Purpose: To investigate if primary cholesteatomas of the petrous bone show high signal in diffusion-weighted imaging (DWI).
Materials and methods: In this blinded study, we compared 15 patients with clinically certain cases and later surgically proven cholesteatomas vs. 12 patients with clinically acute otitis of the middle ear and 20 volunteers without petrous bone disease. Two blinded readers without knowledge of the clinical data decided in consensus agreement whether there was a pathologic signal increase in the petrous bone in an anisotropic single-shot echo-planar imaging (EPI) DWI sequence, an artifact, or no signal increase.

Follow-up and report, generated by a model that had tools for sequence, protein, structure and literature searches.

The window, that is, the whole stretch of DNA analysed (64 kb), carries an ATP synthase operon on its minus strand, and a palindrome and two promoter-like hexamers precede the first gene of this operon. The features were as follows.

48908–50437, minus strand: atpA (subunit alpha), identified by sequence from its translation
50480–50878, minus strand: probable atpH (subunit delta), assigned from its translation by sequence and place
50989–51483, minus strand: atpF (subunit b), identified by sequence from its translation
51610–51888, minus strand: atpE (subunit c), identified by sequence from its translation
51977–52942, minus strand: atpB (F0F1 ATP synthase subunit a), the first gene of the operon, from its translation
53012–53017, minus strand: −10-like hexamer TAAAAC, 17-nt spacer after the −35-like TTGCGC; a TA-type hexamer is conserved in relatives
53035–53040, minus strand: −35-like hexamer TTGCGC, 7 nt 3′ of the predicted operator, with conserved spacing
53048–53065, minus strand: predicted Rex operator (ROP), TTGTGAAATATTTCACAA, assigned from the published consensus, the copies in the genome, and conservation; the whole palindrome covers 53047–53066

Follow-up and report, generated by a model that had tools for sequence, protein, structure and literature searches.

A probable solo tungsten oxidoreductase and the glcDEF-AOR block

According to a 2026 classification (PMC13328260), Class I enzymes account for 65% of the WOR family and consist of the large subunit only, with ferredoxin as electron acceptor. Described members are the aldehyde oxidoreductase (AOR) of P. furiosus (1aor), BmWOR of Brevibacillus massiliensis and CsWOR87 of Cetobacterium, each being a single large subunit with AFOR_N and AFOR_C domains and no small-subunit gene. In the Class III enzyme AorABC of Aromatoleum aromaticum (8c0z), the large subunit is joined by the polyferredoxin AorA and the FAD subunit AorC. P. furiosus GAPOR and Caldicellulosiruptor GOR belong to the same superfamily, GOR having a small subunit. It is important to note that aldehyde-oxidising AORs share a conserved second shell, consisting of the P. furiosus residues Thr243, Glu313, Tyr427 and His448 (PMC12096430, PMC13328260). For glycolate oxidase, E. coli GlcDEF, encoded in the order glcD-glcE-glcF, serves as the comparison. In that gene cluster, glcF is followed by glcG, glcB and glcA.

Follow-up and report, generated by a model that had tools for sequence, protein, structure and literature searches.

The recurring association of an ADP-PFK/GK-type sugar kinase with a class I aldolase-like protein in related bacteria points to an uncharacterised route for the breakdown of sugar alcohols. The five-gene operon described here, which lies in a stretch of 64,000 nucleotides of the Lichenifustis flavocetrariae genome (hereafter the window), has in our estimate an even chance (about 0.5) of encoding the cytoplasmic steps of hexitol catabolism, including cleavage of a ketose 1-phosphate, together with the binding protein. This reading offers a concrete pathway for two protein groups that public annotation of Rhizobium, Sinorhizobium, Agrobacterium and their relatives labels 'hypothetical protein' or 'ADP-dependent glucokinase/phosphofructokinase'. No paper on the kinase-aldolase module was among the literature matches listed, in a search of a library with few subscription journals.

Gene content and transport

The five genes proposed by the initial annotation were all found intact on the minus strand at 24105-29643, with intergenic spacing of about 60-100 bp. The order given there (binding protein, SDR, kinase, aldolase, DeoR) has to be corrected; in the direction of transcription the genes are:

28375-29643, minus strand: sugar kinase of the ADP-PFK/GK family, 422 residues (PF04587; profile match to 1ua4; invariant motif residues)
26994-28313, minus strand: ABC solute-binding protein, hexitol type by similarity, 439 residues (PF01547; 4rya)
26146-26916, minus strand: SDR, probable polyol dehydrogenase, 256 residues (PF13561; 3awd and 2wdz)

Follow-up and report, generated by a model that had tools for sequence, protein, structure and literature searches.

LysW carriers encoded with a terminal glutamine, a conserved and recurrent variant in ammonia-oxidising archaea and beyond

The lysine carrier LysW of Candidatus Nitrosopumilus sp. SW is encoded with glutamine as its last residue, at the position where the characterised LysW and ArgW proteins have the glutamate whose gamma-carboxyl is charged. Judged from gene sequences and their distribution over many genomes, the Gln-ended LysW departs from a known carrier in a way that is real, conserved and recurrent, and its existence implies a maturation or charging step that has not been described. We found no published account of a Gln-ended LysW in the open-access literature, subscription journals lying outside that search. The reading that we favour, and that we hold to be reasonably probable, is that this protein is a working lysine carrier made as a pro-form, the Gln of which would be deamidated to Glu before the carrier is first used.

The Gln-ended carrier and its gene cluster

Results: Thirteen of 15 patients with cholesteatomas showed bright signal in EPI DWI, whereas 10 of 12 patients with acute otitis media and all volunteers presented the usual low signal of petrous bone.
Conclusion: EPI DWI is a fast diagnostic method that may be an additional valuable tool in the workup of suspected cholesteatomas. The ability of this technique to differentiate between cholesteatomas and granulomas or chronic otitis is not yet available.
Copyright 2002 Wiley-Liss, Inc.